A Bardic review and performance.
Born sometime between 1546-1548, in Cheshire, England, Isabella Whitney, who had no formal education, became the first published secular female poet in England. Her work is considered proto-feminist, and ground breaking. Openly discussing broken romance, sex, and inequality between the sexes, Isabella discussed subjects in the well known classical conversational style, but for the first time the female voice was both penned by a woman, and the initiating party.
Isabella was the second of seven children of Geffrey Whitney and Joan Whitney (nee Cartright). While there is no record of her being educated, and in fact middling girls often were not, her written work has lead to researchers positing that she picked up on classical humanist education through her older brother, who was a student at a grammar school in Audlem, or that she was able to piggy-back off of the tutoring of other children of the Cheshire Gentry.
Isabella’s branch of the Whitney family was not political nor influential, and there may have been a falling out between her father and uncle, Sir Robert Whitney, which lead to the family moving and taking a leasehold at Whitewell Farm in 1558. It is believed that at this time Isabella was sent to London to live with her aunt and uncle Walter as a domestic.
Isabella the Maid servant
Isabella was sent to London at the age of 10-12. It was common for middling girls to be sent to work as a domestic servant, to learn how to keep a house or to help extended family who may have younger children. At some point Isabella became employed by a “virtuous lady” but for reasons unknown lost her position. It is possible that Isabella was either the victim of viscous rumor, or she was engaged in unbecoming behaviors. While it is not clear how she lost her position, it was a tenuous and illegal place for her to find herself, as Isabella would not or could not return to her uncle’s home, she would have had few options open to her. In 1563 the Statute of Artificers sanctioned the detaining of “masterless” women and by 1589 a single woman could not on her own engage in trade, sell ale, or keep a house. Due to a glut of domestic workers, many women found themselves turning to prostitution, for lack of any other opportunity.
Writing as a Means of Support
…in a world that measured womanhood by its powers of modulated restraint, Whitney practiced exorbitant indecorums, invented a public self and a mode of public speaking-on-the-page that England would not see again for nearly a hundred years…Gregerson, Linda.Isabella Whitney.Poetry 187 (2006): 502–505
It is generally accepted that The Copy of A Letter was written by Isabella while she was still employed, and thus not writing for monetary support; however, her second published work, A Sweet Nosegay, was written both after she had lost her employment, and during a time of illness. Her opening note to the reader states,
“This Harvest tyme, I Harvestless, and serviceless also; And subject unto sicknesse, that abrode I could not go.”
While her first work in The Copy may not have been autobiographical, it was seemingly based on her experiences with men. Based on her use of autobiographical details it is assumed that yes, she was let go from her job, unable to find another position in London, and in need of some form of employment and money.
A Sweet Nosegay, consisting of four separate sections, one of which is the self help advice type of writing that was accepted for a Tudor female writer, the remaining sections consist of letters to friends and family, and her “Will” to the city of London, written upon her departure.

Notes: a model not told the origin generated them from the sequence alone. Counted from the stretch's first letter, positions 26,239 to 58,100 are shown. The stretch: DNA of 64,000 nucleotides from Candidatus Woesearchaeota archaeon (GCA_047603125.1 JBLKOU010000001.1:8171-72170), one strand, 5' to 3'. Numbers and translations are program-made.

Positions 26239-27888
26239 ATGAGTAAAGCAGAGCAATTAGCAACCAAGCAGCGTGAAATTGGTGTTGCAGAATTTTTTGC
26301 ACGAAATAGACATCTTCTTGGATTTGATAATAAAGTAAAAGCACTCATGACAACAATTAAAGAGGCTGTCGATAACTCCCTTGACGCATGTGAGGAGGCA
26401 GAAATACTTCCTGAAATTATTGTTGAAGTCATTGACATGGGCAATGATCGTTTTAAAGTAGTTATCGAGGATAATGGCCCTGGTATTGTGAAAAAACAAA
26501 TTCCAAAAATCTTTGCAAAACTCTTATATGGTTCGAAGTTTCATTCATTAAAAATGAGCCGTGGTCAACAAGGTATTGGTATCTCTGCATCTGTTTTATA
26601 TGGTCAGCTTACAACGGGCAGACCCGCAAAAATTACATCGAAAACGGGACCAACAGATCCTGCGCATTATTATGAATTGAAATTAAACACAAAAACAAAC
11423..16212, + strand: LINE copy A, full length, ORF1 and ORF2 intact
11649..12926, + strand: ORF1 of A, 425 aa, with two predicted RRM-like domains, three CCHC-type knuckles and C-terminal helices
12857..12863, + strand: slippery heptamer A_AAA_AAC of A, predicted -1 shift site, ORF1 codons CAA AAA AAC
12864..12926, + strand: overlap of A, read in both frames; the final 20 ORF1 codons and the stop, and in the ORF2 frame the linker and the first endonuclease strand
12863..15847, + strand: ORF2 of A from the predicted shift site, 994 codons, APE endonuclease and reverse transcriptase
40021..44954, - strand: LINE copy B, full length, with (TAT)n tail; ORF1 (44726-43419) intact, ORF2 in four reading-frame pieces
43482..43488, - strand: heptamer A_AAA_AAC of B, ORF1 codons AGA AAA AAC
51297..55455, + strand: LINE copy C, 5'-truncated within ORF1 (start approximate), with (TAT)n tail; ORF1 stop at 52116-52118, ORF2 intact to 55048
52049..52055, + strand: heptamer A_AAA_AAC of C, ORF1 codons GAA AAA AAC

My chosen reading is of: A Modest meane for Maides. This is one of Isabella’s letters providing advice to her family members, specifically her two sisters who are in service.
Note that part of the advice deals with behavior, and not behaving in a way that would rumors to spread about themselves, this has lead to the theory that Isabella was herself dismissed for her behavior or rumors thereof, but it could also simply be the type of advice any elder sister would provide to young girls just entering service.
I have only recently discovered the works of Isabella Whitney and will be expanding on my project throughout the year. I am open to any advice as to how to direct my presentation, with the goal that I will present one of Isabella’s poems as a bardic entry at Kingdom A&S.
A Modest meane for Maides In order prescribed, by Is. W. to two of her yonger Sisters serving in London.
Previous Bardic Performances
My final performance as An Tir Kingdom Bardic Champion. For context, I was to sing a song for their majesties, but after hearing the singing of our then fair Queen, Livia, I realized that I could not hold a candle to her. And so I was going to tell a story, but I lay awake all night unable to think of anything to tell. So finally I smelled coffee from the other side of the door, and I went into the hall where I saw Baron Dunstan and Mistress Gala having morning coffee and on my way to join them, I was stopped by a crone in a shabby cloak, playing dice on the floor. What follows is a true and accurate recounting of my morning at Collegium.
Thank you to Mistress Maricka Sigrunsdotter for stepping in as my mentor and to Baroness Zahra bint al Rammah and Mistress Disa i Birkilundi for their support.
- Main, Patricia, Isabella Whitney: A Truly Modern Woman: Her Life Story and an Evaluation of her Work, 2020
- Clarke, Danielle, Isabella Whitney, Mary Sidney and Amelia Lanyer: Renaissance Women Poets, Penguin, New York, 2000
- https://eebo.chadwyck.com for featured image of published works